The Bottom Line
I think I would also not be so upset and disgruntled if I hadn’t had a taste of what it is like to be supported from the top down in West Virginia. The previous Library Development Director, JP Myrick, was my "Cheerleader in Charleston." This dedicated and devoted library professional chastised my service library when it became hostile and unhelpful. Mr. Myrick acknowledged and was supportive of me pursuing my Master of Information Sciences degree. (Sadly, Mr. Myrick is no longer with the WVLC.) Karen Hiser, a previous administrator at the West Virginia Library Commission, visited my library and gave me such quiet and warm support. "How dedicated," she said, when I told her about my accident and how determined I was to return to work. Karen and JP and my wonderful UTK cohort and professors gave me lots of encouragement and advice that I will carry with me into my future library career. Today I filed the paperwork for my impending comps and graduation in the Summer of 2015 from the University of Tennessee.
The bottom line is this: I have come to regard myself as a fairly average human being. If I am having this experience in a small rural library, there must be others all over the country experiencing the same unnecessary drama that comes from lack of funding and leadership. (I'm sure the same politics play out behind the scenes in wealthy library regions as well, but my theory is that when there is less funding to go around there is more competition and less collaboration.) And because a powerful library administrator does not approve of me, I may be blacklisted from working in West Virginia public libraries as long as she remains. While I may not have a lot of recourse, I do have a voice—this blog—and the ability to put together some solid paragraphs driven by a love for libraries, knowledge, information, and intellectual freedom. If you have been the victim of a library system that is more interested in recording perceived infractions than in providing training and leadership, send me an email. I would love to hear from you. And remember, you are not alone. Eventually new ideas and new technology will prevail. But in the meantime, the war of Old Library versus New Library will continue in the sparsely-populated states that have less oversight for these smaller state agencies. While the battle is lost, the war is not over yet. Also, I have realized that even though I don't have a library, I am still a librarian.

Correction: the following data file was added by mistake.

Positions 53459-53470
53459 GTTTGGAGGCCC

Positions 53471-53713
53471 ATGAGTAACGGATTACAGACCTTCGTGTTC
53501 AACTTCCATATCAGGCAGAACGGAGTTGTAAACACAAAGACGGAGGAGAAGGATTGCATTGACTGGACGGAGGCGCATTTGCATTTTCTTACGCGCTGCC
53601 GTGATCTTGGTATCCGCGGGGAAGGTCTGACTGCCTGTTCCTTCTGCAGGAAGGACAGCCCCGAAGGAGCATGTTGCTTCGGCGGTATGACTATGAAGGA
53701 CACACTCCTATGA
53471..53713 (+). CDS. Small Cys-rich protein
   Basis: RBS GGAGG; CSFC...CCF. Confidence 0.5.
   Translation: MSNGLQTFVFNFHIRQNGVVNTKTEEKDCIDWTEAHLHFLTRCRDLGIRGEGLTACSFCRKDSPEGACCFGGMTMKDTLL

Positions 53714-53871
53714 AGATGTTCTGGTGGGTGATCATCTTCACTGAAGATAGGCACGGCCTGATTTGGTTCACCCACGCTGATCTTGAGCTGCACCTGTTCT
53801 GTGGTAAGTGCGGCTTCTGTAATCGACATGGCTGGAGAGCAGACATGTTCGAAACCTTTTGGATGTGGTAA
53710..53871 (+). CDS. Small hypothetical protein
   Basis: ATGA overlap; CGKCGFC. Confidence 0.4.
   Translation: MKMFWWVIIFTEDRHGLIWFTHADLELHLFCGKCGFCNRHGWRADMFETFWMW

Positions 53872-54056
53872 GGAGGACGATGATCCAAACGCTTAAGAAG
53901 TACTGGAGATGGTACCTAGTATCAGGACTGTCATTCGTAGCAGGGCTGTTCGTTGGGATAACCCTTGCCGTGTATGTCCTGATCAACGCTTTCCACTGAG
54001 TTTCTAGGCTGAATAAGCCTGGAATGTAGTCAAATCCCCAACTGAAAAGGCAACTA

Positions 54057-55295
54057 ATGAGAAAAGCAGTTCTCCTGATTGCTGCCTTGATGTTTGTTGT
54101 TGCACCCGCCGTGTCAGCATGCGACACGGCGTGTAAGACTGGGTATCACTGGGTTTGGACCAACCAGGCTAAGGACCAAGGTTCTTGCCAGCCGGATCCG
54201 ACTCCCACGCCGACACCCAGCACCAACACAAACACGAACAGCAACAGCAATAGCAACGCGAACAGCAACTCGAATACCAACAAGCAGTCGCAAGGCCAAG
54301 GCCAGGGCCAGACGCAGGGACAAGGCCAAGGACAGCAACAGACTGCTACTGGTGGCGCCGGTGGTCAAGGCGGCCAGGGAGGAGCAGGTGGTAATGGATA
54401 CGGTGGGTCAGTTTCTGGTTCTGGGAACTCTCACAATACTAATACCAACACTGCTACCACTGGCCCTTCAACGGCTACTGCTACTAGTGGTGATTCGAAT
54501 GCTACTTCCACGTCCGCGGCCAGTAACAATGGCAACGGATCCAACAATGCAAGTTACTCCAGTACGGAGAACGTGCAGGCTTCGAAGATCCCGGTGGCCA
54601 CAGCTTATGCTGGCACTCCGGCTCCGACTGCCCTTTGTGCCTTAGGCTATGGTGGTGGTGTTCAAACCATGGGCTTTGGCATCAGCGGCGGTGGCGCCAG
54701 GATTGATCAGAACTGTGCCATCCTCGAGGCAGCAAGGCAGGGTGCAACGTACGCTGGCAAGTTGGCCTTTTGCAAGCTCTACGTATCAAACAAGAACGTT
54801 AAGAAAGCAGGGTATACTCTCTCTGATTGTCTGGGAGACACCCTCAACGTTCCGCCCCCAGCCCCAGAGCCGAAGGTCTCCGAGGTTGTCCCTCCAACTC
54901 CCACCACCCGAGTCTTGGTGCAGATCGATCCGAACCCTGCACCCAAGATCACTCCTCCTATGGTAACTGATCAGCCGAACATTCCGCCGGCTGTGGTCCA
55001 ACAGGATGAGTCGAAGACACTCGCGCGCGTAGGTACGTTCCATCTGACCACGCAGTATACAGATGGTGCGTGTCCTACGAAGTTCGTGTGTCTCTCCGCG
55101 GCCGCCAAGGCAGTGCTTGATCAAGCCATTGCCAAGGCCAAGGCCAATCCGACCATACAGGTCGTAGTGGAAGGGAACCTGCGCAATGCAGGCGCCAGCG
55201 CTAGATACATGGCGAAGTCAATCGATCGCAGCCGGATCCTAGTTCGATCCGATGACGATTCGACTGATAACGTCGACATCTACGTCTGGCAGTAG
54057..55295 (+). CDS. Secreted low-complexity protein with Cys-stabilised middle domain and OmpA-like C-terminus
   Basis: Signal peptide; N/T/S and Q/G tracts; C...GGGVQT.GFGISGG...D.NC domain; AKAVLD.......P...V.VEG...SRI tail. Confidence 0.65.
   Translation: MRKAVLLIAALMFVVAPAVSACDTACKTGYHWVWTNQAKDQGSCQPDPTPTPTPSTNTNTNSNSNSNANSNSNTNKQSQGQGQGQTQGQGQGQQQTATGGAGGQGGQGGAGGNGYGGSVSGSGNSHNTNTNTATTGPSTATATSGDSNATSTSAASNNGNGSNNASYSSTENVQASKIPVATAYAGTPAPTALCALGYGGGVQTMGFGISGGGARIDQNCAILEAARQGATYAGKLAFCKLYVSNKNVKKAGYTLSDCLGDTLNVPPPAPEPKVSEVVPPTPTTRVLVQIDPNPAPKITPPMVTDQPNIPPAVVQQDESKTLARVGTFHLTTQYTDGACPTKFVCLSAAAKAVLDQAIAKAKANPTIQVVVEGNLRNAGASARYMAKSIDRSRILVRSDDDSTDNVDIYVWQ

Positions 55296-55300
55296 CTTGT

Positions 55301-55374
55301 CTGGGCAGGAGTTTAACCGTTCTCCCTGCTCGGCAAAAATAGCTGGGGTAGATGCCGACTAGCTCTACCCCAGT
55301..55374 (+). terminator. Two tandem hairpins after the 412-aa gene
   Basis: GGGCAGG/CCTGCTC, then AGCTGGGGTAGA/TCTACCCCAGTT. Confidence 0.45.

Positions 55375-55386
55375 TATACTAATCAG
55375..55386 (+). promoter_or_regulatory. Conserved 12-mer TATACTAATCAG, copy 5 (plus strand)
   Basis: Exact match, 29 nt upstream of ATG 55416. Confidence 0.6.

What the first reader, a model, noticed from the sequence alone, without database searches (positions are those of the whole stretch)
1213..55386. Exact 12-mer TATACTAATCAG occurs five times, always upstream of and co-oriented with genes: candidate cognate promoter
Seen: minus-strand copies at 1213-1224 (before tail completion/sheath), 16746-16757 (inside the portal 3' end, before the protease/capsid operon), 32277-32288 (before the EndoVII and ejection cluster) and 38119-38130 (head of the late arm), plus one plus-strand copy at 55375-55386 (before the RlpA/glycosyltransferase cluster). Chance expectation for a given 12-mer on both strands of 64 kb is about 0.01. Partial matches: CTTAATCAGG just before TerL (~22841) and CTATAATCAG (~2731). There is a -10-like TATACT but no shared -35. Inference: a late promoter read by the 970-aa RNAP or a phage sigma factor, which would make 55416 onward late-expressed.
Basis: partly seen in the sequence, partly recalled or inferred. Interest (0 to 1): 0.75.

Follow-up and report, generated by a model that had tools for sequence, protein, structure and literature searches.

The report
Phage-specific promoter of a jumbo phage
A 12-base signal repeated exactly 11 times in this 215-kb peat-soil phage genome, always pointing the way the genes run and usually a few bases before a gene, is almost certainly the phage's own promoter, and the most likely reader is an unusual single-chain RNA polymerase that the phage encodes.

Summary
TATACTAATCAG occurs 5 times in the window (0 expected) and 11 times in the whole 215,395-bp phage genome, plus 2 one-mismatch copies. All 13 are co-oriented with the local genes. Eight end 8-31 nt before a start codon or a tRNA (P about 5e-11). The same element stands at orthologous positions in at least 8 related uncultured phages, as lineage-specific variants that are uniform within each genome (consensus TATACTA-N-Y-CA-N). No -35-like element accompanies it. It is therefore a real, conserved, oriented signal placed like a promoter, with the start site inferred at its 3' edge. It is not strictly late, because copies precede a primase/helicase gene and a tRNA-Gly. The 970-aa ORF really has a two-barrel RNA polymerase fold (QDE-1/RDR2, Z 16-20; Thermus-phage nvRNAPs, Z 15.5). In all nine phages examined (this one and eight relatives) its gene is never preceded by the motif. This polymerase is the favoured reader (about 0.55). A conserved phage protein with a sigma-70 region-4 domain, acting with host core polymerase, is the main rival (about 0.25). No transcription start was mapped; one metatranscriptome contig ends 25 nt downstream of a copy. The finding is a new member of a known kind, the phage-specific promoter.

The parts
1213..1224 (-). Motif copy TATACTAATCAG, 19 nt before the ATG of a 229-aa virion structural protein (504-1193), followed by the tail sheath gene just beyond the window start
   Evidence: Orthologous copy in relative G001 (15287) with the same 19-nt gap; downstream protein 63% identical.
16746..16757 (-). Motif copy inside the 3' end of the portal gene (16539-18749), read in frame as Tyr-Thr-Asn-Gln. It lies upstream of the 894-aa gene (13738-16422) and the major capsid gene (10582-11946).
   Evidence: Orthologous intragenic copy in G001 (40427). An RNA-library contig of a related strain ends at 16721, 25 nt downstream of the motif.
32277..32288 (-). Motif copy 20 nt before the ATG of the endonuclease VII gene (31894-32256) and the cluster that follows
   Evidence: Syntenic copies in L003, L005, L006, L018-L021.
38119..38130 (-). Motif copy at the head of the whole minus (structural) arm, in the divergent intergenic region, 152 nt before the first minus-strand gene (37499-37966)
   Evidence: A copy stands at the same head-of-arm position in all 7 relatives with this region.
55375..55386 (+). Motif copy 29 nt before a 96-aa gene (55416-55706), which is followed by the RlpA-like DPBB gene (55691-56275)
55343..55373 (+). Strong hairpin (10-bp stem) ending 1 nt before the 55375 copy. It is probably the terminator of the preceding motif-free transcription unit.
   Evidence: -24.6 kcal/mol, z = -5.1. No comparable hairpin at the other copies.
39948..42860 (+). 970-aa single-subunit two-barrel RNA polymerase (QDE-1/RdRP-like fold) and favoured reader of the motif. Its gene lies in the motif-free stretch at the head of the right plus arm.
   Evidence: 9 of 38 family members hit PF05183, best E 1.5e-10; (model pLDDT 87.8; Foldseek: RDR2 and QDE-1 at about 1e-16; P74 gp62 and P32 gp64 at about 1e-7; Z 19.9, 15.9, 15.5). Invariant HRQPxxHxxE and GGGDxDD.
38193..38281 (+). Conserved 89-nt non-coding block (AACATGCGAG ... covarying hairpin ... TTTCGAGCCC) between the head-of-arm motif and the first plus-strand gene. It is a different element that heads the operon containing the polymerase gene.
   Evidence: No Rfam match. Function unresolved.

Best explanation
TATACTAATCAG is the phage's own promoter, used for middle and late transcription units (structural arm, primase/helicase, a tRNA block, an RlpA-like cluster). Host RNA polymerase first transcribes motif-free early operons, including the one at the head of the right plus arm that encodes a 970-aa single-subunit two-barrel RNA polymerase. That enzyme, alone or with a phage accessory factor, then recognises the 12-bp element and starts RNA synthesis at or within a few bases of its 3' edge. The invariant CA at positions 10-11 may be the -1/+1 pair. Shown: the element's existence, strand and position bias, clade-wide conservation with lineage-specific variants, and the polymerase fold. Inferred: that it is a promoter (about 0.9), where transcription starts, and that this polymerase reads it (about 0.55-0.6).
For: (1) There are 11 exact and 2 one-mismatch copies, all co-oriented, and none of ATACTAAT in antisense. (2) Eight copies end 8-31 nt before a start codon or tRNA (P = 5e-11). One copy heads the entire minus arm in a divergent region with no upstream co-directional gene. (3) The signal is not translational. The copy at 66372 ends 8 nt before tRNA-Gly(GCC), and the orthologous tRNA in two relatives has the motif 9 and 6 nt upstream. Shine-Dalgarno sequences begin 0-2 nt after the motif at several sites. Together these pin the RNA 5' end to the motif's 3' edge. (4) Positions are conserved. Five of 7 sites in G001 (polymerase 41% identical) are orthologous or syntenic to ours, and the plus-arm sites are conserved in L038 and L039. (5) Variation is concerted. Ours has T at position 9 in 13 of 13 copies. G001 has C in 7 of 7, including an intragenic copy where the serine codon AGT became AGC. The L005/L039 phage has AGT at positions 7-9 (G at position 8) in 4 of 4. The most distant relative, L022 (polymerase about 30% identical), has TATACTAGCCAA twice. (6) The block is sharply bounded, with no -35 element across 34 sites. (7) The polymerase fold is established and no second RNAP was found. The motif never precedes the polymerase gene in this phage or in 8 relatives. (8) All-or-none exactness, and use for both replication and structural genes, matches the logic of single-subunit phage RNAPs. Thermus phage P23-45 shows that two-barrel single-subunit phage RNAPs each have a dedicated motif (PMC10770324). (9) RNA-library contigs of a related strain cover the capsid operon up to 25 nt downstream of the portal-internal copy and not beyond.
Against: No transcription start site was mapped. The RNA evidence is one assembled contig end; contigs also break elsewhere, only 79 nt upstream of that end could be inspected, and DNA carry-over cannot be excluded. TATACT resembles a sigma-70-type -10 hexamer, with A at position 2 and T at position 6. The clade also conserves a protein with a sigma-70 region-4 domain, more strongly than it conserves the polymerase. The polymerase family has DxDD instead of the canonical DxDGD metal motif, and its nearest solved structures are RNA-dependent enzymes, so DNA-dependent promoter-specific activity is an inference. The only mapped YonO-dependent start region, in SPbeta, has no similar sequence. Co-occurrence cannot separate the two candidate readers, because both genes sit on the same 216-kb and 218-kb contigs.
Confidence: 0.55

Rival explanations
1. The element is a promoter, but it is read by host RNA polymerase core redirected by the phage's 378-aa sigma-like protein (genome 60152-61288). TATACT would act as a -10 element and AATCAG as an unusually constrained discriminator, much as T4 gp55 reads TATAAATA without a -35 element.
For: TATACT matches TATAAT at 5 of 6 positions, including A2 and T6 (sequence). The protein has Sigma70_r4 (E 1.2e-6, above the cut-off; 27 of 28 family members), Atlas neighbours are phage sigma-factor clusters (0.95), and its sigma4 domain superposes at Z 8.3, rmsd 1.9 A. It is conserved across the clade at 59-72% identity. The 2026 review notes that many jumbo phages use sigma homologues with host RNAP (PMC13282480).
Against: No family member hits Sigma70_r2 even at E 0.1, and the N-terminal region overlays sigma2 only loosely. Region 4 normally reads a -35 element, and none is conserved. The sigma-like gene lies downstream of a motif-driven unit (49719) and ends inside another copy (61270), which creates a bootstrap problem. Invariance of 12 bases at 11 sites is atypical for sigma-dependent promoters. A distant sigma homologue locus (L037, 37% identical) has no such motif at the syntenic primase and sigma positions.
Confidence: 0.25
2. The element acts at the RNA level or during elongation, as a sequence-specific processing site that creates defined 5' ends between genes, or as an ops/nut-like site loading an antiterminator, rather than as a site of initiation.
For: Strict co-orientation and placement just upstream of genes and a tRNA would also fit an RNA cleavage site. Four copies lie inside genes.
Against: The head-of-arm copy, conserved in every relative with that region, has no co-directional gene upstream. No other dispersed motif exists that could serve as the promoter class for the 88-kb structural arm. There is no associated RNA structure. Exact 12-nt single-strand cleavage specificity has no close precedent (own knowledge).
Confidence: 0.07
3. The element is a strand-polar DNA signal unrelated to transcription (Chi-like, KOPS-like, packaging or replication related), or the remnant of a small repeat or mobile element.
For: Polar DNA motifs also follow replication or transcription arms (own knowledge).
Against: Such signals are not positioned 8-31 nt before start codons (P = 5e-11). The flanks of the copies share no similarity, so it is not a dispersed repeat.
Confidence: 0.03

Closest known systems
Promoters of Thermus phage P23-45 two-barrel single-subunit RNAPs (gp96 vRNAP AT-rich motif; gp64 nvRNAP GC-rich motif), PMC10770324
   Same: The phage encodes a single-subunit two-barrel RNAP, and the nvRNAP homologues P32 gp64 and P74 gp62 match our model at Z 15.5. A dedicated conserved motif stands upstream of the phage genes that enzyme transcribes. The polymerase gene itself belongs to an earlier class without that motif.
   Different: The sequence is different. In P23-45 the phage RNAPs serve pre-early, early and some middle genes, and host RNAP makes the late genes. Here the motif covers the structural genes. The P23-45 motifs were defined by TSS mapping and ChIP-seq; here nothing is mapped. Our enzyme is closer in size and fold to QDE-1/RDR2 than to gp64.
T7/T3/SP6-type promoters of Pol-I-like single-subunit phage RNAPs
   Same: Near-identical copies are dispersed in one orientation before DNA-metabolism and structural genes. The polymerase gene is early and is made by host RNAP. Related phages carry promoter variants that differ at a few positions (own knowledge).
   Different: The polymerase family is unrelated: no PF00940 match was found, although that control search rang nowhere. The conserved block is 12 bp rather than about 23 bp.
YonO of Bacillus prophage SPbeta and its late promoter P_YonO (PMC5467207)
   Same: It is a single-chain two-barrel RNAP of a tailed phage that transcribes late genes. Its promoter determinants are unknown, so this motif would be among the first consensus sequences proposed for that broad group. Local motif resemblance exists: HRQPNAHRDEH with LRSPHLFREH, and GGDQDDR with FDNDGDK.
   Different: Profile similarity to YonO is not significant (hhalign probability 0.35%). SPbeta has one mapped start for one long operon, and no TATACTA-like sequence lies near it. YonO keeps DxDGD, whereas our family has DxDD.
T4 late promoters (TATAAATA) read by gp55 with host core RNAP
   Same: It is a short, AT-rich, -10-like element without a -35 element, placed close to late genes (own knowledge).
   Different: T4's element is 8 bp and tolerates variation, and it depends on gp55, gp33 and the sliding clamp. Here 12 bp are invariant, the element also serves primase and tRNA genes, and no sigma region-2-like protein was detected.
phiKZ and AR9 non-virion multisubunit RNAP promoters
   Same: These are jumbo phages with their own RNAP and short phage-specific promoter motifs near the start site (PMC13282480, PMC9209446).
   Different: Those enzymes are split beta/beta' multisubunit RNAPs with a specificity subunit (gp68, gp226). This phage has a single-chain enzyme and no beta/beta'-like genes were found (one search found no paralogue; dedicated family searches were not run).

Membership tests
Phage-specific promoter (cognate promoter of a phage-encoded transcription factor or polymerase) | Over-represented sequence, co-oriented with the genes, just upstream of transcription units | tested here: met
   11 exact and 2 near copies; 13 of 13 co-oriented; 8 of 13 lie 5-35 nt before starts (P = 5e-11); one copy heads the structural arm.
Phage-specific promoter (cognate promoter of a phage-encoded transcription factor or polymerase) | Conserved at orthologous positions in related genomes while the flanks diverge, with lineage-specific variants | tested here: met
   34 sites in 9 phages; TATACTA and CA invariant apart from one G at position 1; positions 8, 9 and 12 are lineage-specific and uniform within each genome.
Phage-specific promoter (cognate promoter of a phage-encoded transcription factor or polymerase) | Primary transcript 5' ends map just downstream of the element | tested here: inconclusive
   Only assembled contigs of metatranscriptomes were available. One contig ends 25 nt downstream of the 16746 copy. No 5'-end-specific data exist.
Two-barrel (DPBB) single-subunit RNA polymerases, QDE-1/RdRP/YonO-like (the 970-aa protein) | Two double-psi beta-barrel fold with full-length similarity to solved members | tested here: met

A Sad Side Note